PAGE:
Vera Bradley, Inc.'s (VRA) announcement on Thursday that it was acquiring 75% of Creative Genius, better known as Pura Vida Bracelets answered one open question that I've had for quite some time, and initially raised one other. It confirmed for me that the company is not for sale, at least not yet anyway, and that VRA is all in on revitalizing their brand, which has floundered for years. While the company has continued to be profitable, revenue and earnings have been in decline.
The initial question the deal raised for me was who the heck is Pura Vida? It sounded somewhat familiar, but I could not connect the dots, until I saw our middle child; I asked her if she knew of Pura Vida, and she proceeded to hold out her hand, adorned by both a Pura Vida ring and bracelet. Apparently, Pura Vida products are quite a hit with the twenty-somethings, and beyond
VRA is paying $75 million for it's 75% interest in the company, and it has the option to acquire the remaining 25% five years after the deal closes. VRA is closing the deal with cash and investments; the company has carried a lot if liquidity on its balance sheet in recent years, ending last quarter with $144 million, or $4.22 in cash in investments. That will leave it with some dry powder on the books, but probably lessen the chance of significant buybacks, or the initiation of a dividend.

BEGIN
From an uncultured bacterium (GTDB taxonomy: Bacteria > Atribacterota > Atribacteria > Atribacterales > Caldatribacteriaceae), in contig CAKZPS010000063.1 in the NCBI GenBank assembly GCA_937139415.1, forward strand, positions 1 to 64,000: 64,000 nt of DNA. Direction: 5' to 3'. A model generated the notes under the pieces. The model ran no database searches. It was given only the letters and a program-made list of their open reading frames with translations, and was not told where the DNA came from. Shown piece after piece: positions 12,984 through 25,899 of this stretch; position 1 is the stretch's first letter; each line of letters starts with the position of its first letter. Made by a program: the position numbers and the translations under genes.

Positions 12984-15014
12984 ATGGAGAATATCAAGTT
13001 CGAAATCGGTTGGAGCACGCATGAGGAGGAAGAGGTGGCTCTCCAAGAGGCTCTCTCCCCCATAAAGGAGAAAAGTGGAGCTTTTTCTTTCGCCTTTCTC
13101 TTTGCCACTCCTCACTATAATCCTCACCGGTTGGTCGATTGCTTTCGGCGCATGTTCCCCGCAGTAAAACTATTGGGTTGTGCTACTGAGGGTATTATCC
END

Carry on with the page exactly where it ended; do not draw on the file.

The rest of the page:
Pura Vida generated $68.3 million in revenue for 2018, EBITDA of $13.7 million and net income of $3.8 million, which tells us that VRA is paying just under 1.5X revenue, 7.3 X EBITDA (earnings before interest, taxes, depreciation and amortization), and 26 X earnings for its stake in the company. Pura Vida is not bringing any debt along with it, which is a positive, and VRA expects the deal to be accretive to earnings this year.
The market's reaction was just mildly positive; VRA shares closed Thursday up just over 3%, but it was generally a positive day for markets overall.
VRA while still a well-known brand, but not exactly a well-known or well-followed stock these days, will have to prove that this deal is worthwhile. I've been in the mindset since taking a position in VRA that they'd be acquired at some point, but did not give a great deal of credence to the idea that they'd instead be the acquirer, trying to live another day. I do like what I hear about the acquisition of Pura Vida, so far anyway, and time will tell whether the brand has legs, or is just another fad.